Several experimental and clinical studies have indicate that the heart is an end-organ of GH action. Patients with either childhood- or adulthood-onset GH deficiency (GHD) have abnormalities of cardiac structure and function, such as reduced cardiac mass, impaired diastolic filling and reduced left ventricular response at peak exercise. These cardiovascular abnormalities can be reversed, at least partially, after GH replacement therapy. On the other hand, the chronic overproduction of GH and IGF-I in acromegaly leads to the development of a specific cardiomyopathy. Concentric cardiac hypertrophy occurs in more than two-thirds of patients at diagnosis and is commonly associated with diastolic dysfunction. In later stages, impaired systolic function ending in heart failure can occur if GH/IGF-I excess is not controlled. Additionally, acromegalic cardiomyopathy is complicated by abnormalities of cardiac rhythm and cardiac valves. Successful control of acromegaly is accompanied by a decrease of the left ventricular mass and improvement of cardiac function. These beneficial effects appear earlier in young patients with short disease duration than in elderly patients. In conclusion, GH and IGF-I play a main role in the regulation of cardiac development and performance.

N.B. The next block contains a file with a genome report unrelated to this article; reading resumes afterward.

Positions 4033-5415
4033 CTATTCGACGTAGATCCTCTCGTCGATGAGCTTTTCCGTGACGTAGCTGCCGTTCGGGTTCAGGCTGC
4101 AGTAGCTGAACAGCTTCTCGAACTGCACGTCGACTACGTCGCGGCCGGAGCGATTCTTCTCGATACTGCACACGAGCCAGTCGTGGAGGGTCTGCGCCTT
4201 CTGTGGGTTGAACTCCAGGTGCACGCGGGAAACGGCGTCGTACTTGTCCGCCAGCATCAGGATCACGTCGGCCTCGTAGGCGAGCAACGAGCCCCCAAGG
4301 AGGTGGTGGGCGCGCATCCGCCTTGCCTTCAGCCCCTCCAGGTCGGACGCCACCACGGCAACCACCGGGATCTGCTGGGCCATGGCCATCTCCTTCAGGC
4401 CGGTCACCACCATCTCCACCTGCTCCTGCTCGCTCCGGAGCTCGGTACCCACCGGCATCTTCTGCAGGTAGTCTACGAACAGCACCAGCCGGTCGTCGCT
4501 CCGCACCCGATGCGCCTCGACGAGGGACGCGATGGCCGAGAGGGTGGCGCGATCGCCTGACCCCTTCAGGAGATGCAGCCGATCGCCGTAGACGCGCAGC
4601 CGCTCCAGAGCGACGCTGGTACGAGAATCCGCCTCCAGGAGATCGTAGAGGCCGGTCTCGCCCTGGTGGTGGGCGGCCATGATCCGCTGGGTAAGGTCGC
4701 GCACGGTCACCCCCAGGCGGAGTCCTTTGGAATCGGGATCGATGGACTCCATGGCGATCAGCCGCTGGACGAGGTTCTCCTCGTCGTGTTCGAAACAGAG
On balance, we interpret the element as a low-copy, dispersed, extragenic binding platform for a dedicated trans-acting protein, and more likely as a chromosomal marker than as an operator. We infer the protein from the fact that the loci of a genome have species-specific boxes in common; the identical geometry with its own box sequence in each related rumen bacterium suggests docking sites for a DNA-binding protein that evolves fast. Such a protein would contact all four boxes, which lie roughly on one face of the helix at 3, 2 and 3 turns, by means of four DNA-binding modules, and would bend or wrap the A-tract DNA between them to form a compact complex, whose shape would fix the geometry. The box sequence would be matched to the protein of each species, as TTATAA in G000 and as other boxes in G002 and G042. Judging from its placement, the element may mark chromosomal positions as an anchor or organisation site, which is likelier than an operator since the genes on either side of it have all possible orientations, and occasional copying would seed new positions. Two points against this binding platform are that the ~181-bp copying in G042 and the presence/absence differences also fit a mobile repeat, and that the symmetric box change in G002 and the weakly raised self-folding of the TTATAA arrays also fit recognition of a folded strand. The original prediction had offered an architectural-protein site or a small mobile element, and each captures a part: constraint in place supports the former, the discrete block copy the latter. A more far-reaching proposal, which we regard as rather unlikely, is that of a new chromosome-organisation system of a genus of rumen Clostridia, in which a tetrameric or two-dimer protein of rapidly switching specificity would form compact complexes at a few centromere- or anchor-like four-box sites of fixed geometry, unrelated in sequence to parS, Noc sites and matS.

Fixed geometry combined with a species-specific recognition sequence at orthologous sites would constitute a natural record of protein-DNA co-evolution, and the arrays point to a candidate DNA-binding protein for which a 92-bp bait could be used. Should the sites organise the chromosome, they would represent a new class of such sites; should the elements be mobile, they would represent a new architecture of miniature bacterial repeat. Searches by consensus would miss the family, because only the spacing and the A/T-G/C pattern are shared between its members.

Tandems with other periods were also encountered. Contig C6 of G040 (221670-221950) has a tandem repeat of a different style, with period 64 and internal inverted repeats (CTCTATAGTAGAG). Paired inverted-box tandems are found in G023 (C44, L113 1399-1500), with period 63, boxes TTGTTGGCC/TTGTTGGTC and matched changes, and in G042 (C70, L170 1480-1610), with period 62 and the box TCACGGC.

|Titolo:||The heart: an end-organ of GH action|
|Autori interni:||VITALE, GIOVANNI (Secondo)|
|Settore Scientifico Disciplinare:||Settore MED/13 - Endocrinologia|
|Data di pubblicazione:||ago-2004|
|Digital Object Identifier (DOI):||10.1530/eje.0.151S093|
|Appare nelle tipologie:||01 - Articolo su periodico|